Kumiko Mendl, Co-author
Kumiko was born in the UK to a Japanese Mother and refugee father from Nazi Germany. She trained at the Jacques Lecoq School in Paris and has worked as an actor, teacher, storyteller and director over a thirty year career. She is Artistic Director of New Earth Theatre, the award winning British East Asian theatre company. For the company she conceived and directed the most recent and highly successful touring shows, Dim Sum Nights, Yeh Shen and Why the Lion Danced (seen by a total of over 10,000 people), and co-directed with Maria Oshodi the recent critically acclaimed Flight Paths, and with Gary Merry on The Last Days of Limehouse (Limehouse Old Town Hall) and Rashomon (Riverside Studios). She helped set up the first BEA acting summer school: Yellow Earth Academy in 2010 to encourage more BEA’s into the industry. She is also co-founder and co-Artistic Director of Japanese children’s theatre A Thousand Cranes and Artistic Associate at artsdepot.
Kazuko Hohki, Co-author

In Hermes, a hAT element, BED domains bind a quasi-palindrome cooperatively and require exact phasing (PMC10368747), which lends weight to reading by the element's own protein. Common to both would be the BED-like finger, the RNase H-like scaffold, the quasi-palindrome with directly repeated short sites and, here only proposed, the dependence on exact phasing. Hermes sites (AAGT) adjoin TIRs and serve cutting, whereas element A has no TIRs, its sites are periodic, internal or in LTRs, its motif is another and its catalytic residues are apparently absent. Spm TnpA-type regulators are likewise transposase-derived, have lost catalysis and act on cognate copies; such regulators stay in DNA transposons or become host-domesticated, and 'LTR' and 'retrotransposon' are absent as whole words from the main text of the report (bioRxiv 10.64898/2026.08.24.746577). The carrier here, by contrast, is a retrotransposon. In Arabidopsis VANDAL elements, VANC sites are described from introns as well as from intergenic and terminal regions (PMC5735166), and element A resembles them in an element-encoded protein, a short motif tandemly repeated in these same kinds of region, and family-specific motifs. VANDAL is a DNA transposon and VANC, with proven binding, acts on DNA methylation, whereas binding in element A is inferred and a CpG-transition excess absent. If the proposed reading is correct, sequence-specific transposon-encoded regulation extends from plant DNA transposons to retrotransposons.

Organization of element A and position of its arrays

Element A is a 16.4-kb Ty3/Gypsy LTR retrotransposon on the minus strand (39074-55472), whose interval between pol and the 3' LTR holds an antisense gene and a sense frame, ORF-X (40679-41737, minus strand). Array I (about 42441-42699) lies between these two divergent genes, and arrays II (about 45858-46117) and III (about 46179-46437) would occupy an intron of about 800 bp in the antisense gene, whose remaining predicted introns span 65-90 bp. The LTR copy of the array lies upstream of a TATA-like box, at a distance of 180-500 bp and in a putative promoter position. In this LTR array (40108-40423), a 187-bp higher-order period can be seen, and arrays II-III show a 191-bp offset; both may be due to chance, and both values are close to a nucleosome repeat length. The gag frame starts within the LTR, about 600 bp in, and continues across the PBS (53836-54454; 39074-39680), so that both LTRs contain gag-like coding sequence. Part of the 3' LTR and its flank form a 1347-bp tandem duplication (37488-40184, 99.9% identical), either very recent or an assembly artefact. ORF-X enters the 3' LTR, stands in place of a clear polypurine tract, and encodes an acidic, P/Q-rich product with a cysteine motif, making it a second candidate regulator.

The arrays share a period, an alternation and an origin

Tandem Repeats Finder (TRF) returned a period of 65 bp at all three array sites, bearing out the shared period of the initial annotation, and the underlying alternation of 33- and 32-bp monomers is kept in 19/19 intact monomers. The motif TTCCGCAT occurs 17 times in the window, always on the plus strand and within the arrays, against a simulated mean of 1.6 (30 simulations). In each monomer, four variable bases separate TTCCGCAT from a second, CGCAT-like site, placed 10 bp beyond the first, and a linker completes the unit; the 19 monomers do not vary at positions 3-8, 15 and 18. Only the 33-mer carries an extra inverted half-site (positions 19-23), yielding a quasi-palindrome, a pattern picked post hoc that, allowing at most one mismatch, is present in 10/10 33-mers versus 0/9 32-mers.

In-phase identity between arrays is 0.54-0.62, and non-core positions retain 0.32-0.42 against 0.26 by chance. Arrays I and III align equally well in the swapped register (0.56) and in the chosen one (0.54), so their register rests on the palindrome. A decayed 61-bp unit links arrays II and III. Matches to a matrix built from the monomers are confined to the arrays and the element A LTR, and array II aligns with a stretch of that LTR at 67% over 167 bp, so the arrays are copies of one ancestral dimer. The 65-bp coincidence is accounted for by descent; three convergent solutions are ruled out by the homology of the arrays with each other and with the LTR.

Kazuko is originally from Japan, and moved to London from Tokyo in 1978. She founded London based Japanese cult-alternative pop performance group Frank Chickens, which released 5 albums and toured worldwide. In 2010, Frank Chickens were awarded the Edinburgh Comedy God Award. Following more than two decades of success in music, film and TV, Kazuko has been making theatre since the late 1990s. Fusing idiosyncratic storytelling with multimedia, film, animation, interventions and original music, Kazuko has created numerous award winning performance works commissioned by UK venues, including Battersea Arts Centre, MAC, Birmingham Repertory Theatre, Bluecoat Arts Centre, Chelsea Theatre, Jacksons Lane and Farnham Maltings. These works have been performed to critical acclaim here and abroad. Lately she is focusing on participatory projects, devising performances via community and school workshops . www.kazukohohki.com